Today, we spent a whole day on the fascinating sights of the Siena Cathedral. This structure which dominates the Siena skyline and is raised up on a hill, is built in black and white marble, which are Siena’s colors. More myth here: Siena was founded by Senius and Aschius, the sons of Remus. Remus, some may recall, is the younger twin of Romulus, the founder of Rome. When Romulus killed Remus and founded Rome, Remus’s sons fled the city and brought the statue of the she-wolf (who originally raised Romulus and Remus) to Siena, and that here has become the symbol of the city as well. Senius fled on his white horse, and Aschius on his black horse, leading to the colors black and white for the crest of the city. The cathedral’s huge façade is accompanied by a very tall tower also in black and white marble, and a large grey-blue dome rests at its center. It is dedicated to the Assumption of Mary, and I liked that story even better.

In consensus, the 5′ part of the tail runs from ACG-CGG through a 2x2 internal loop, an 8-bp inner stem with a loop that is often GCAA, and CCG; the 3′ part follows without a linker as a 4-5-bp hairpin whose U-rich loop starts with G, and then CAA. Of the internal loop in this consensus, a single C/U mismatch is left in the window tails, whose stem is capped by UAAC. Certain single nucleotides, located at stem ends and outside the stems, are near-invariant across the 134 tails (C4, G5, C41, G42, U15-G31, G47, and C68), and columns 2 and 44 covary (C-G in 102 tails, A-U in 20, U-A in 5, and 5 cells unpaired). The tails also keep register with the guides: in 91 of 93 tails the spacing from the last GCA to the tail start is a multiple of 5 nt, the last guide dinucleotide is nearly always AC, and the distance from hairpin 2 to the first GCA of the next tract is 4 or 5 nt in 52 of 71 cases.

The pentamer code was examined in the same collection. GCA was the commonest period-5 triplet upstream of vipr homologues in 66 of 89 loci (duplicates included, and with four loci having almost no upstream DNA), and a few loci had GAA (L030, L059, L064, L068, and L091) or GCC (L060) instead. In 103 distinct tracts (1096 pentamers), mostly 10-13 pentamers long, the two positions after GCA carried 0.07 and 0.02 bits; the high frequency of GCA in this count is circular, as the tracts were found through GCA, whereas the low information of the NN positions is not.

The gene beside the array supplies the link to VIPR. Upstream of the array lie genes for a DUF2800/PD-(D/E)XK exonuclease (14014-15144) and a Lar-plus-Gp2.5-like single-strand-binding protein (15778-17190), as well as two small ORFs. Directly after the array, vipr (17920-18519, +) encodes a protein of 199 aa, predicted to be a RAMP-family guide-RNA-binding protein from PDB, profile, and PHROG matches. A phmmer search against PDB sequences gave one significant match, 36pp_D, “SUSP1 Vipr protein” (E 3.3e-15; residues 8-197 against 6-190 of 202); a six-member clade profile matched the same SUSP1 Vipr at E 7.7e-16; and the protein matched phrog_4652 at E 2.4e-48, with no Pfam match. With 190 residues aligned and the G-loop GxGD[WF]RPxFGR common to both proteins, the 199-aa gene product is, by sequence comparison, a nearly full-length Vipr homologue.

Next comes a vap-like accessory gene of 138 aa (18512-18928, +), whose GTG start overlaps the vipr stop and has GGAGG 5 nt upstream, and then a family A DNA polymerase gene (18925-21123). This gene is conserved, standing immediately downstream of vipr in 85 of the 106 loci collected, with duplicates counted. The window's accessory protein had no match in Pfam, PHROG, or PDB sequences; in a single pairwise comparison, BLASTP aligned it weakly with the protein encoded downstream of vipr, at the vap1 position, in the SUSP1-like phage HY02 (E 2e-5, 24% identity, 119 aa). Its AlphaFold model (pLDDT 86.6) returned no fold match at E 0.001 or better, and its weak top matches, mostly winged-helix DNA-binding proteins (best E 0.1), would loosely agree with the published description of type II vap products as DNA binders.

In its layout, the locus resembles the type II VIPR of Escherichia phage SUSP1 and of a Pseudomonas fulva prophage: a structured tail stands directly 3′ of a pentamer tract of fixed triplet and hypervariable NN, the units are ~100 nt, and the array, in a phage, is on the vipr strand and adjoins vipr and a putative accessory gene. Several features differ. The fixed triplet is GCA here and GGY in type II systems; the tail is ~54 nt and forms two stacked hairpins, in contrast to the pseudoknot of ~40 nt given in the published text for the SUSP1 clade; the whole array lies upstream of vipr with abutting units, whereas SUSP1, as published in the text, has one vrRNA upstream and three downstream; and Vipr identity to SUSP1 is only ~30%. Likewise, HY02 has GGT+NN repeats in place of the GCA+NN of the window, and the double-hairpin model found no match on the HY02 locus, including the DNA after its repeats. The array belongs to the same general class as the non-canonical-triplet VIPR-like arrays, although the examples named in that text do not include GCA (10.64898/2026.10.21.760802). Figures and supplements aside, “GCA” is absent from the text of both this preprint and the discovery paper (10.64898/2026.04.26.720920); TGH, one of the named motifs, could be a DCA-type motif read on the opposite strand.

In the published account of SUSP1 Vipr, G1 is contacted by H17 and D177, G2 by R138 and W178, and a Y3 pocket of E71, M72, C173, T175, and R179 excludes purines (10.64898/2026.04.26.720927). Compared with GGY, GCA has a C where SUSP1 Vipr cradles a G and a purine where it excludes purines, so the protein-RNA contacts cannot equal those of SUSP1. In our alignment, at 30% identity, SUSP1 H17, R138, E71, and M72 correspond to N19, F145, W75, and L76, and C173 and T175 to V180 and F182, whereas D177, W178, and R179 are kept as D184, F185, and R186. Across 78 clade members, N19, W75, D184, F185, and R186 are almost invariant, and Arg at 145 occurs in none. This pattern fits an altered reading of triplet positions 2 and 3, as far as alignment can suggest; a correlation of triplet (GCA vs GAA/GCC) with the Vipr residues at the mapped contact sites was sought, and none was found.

While the Siena Cathedral has long been associated with the Virgin Mary, its dedication to the Assumption of Mary comes from her protection of the city during the Battle of Montaperti in 1260, in which Siena defeated Florence. The Sienese may sing the praises of Mary having given them divine favor and protection, but long story short, it was mostly because of a defector from the Florentine army who chopped off the hand* of the standard bearer. This happened when the Florentines were staging a strategic retreat, and so led to chaos and along with several other factors, ended up with Florence’s defeat. More than 10,000 people died in this conflict, making it one of the bloodiest battles of the medieval age. Two of the flagpoles from this conflict actually rest inside Siena Cathedral, and Steve and I were able to see them when we visited. They’re just sixty-foot tall poles which do look like very old wood, resting on two of the major support pillars inside the dome, with no signs of explanation inside. (* Though the “hand” is what was mentioned in the story, there’s no way anybody, much less the shorter people we had back in the middle ages, could have held those incredibly tall and heavy poles with anything less than two hands!) Incidentally, as a good Florentine, Dante knew well the story of the battle, and wrote about the traitor who defected, placing him in the Ninth Circle of Hell. That’s one of the reasons we know as much about the Battle of Montaperti as we do today, which is pretty fascinating!